“Alien Life Payload?” NASA’s Kepler Spacecraft Downloads Exoplanet Science Data

 

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Earlier this week, NASA’s Kepler team received an indication that the spacecraft fuel tank is running very low. NASA has placed the spacecraft, which has discovered 70 percent of the 3,750 exoplanets known to date, in a hibernation-like state in preparation to download the science data collected in its latest observation campaign. Once the data has been downloaded, the expectation is to start observations for the next campaign with any remaining fuel.


"To bring the data home, the spacecraft must point its large antenna back to Earth and transmit the data during its allotted Deep Space Network time, which is scheduled in early August," NASA officials wrote in a statement today. (The Deep Space Network is the global array of radio telescopes that NASA uses to communicate with its far-flung spacecraft.) "Until then, the spacecraft will remain stable and parked in a no-fuel-use safe mode," they added. "On Aug. 2, the team will command the spacecraft to awaken from its no-fuel-use state and maneuver the spacecraft to the correct orientation and downlink the data."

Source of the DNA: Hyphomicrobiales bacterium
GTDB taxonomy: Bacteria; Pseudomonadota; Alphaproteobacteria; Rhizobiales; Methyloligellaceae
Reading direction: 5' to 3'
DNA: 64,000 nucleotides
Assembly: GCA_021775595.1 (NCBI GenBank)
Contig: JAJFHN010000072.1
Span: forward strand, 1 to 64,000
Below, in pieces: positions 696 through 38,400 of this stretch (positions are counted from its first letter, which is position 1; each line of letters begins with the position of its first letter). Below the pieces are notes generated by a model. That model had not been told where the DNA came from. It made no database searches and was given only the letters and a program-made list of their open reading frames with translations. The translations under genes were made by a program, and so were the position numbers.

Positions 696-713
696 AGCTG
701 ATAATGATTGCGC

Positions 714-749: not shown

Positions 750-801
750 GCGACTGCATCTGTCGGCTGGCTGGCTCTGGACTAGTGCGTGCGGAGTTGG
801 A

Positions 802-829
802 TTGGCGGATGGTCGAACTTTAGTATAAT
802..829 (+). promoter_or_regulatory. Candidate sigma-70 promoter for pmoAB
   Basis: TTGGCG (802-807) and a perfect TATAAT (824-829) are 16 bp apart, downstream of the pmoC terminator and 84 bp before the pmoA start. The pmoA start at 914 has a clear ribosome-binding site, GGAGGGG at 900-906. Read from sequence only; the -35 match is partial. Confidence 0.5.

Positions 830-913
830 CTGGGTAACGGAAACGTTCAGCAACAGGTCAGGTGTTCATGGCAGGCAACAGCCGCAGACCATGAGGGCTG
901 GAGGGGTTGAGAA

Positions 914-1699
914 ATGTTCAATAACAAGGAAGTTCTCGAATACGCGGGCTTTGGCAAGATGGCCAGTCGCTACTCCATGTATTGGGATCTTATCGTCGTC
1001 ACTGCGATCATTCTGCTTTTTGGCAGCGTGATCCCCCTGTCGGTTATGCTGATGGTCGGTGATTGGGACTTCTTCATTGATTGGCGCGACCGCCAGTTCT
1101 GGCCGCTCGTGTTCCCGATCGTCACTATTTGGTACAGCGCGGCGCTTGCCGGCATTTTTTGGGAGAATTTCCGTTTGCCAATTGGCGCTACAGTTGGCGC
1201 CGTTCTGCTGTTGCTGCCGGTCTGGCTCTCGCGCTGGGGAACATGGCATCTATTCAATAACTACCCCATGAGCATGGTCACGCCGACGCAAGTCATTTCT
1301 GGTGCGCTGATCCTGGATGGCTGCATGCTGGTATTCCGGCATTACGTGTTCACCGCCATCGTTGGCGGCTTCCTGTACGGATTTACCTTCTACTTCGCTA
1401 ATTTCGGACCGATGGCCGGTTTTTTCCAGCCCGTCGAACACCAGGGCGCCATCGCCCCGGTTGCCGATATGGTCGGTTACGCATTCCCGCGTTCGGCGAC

Since May 12, Kepler has been on its 18th observation campaign, staring at a patch of sky towards the constellation of Cancer it previously studied in 2015. The data from this second look will provide astronomers with an opportunity to confirm previous exoplanet candidates and discover new ones. Returning the data back to Earth is the highest priority for the remaining fuel.

To bring the data home, the spacecraft must point its large antenna back to Earth and transmit the data during its allotted Deep Space Network time, which is scheduled in early August. Until then, the spacecraft will remain stable and parked in a no-fuel-use safe mode. On August 2, the team will command the spacecraft to awaken from its no-fuel-use state and maneuver the spacecraft to the correct orientation and downlink the data. If the maneuver and download are successful, the team will begin its 19th observation campaign on August 6 with the remaining fuel.

NASA will provide an update after the scheduled download. The agency has been monitoring the Kepler spacecraft closely for signs of low fuel, and expects it to run out of fuel in the next few months.

As engineers preserve the new data stored on the spacecraft, scientists are continuing to mine existing data already on the ground. Among other findings, recently 24 new planet discoveries were made using data from the 10th observation campaign, adding to the spacecraft’s growing bounty of 2,650 confirmed planets.

The Daily Galaxy via NASA

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